When I heard the word “homecoming,” I used to solely think of my immediate family, but as an out-of-state student, my family is farther away than the average K-State student’s. After more than two years in Manhattan, I have a second family, and in this one I have more than 25,000 relatives.
Many colleges pride themselves on how their schools are like a family, but I never took this seriously until I became a Wildcat. When I came for my senior-visit day in high school, I could feel something different on campus.
After a day of touring, my parents and I went to dinner to have “the talk.” The second the waiter walked away with our orders, I asked my mom and dad what they thought, and I will never forget their responses. “We really didn’t want to like it… but we honestly have nothing negative to say about this school,” my mom said. Then my dad added, “We can really see you here. This is your school.”
Convincing my parents to let their daughter move nine and a half hours away for school was not an easy task. While the academics, athletics and atmosphere impressed my parents, they were most affected by the community of our college town. Dean of Students Pat Bosco could not say enough about the K-State family, and my parents believed him. Bosco sealed the deal for them.
Our faculty and students are not the only ones who believe the K-State campus is special. College-feedback websites, such as Rate My Professor, Niche and Noodle, consistently bring up the feeling of family, and these sites tend to contain some candid opinions of students.
In their 2016 edition of “The Best 380 Colleges,” the Princeton Review ranked K-State No. 4 for happiest students and No. 6 for best quality of life. I don’t know about you, but when I hear that the Princeton Review ranked us in the top 10 for happiness, I know that our presence as one big happy K-State family is not just in our heads.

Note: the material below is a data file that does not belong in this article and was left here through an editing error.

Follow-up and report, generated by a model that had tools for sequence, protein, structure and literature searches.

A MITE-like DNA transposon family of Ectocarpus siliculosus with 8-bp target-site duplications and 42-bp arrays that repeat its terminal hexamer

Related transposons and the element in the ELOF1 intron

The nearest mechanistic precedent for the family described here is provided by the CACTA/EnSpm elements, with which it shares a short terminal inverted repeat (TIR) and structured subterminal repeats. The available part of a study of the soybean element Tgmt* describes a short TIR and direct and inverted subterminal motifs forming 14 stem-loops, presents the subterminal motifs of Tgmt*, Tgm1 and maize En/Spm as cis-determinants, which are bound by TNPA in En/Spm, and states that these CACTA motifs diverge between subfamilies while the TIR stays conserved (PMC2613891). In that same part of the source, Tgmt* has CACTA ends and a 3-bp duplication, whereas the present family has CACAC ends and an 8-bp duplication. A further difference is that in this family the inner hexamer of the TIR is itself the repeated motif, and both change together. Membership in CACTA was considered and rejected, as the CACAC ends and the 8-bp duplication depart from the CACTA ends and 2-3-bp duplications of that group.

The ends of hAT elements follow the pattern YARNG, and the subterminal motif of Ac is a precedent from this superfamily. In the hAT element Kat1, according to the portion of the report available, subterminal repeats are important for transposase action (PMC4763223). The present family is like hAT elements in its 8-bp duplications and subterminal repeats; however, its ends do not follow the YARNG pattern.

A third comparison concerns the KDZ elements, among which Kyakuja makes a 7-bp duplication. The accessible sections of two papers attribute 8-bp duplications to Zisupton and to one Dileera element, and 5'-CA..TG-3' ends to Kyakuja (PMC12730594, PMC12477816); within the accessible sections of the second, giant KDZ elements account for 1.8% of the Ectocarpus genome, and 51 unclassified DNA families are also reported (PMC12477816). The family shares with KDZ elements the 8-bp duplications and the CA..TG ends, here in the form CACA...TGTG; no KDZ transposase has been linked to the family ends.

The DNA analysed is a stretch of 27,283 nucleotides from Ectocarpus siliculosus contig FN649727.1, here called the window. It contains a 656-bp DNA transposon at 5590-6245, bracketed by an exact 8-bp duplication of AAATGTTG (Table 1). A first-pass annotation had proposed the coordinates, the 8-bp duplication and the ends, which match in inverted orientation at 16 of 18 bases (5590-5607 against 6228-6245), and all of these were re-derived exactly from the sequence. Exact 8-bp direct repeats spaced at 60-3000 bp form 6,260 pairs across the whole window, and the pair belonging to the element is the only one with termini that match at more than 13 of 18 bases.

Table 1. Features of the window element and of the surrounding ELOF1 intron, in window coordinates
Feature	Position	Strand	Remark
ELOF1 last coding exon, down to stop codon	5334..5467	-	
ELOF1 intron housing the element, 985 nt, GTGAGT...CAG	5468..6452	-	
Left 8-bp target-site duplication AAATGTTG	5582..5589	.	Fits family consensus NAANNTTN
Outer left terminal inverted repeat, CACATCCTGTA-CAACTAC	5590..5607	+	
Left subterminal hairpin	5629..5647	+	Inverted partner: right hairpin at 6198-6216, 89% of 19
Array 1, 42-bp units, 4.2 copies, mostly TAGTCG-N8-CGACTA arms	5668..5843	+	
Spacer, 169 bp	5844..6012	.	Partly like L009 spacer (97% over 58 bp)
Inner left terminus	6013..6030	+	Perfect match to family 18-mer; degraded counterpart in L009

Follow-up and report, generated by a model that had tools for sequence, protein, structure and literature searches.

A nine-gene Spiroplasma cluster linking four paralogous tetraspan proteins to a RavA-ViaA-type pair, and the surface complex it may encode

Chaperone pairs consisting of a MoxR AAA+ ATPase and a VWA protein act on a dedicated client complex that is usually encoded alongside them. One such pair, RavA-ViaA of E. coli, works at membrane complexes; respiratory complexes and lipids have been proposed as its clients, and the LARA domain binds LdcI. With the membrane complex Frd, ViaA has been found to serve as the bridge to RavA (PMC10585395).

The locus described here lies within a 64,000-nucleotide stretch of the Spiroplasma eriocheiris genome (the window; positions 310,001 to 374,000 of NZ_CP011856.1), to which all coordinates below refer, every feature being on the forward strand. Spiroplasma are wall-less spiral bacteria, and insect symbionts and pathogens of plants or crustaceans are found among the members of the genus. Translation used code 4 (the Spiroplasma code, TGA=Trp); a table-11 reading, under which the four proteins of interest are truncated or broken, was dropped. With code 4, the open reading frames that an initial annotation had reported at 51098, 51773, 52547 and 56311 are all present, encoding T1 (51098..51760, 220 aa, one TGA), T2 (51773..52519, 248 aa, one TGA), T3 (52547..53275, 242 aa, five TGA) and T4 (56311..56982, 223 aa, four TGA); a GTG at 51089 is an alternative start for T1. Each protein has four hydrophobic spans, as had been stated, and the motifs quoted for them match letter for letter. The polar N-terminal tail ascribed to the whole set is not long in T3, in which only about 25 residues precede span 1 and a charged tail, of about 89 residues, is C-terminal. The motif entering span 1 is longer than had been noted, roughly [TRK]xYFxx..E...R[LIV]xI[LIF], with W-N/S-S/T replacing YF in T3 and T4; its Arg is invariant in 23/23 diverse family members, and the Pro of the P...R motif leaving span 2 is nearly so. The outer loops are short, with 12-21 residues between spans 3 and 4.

According to the Office of Registrar, about 7,000 of K-State’s students are non-residents, while nearly 17,000 are Kansas residents, and besides the minor dip in overall enrollment this year, it has been increasing every year. The K-State family is not limited to Kansas; our family is across the country. It is not only current students, but alumni as well. Every alum I have met has taken genuine interest in me, and they have all offered to connect and help me in any way they can.
This is what is means to be a member of a family, and this is what our 2015 Homecoming theme is all about: a century of coming home. I call Manhattan my home now. I know it hurts my mom’s heart every time I say it, but it has become my natural instinct; however, to make her feel better I let myself call it my home away from home instead.
When you mention Kansas, the first thing many people think of is “The Wizard of Oz,” and I could not identify with it more, especially in regards to finding your home. After all, Judy Garland was from Grand Rapids, Minnesota, but Dorothy was from Kansas.
There is no place like home, and there is no place like K-State. Welcome home Wildcats. (And beat Oklahoma!)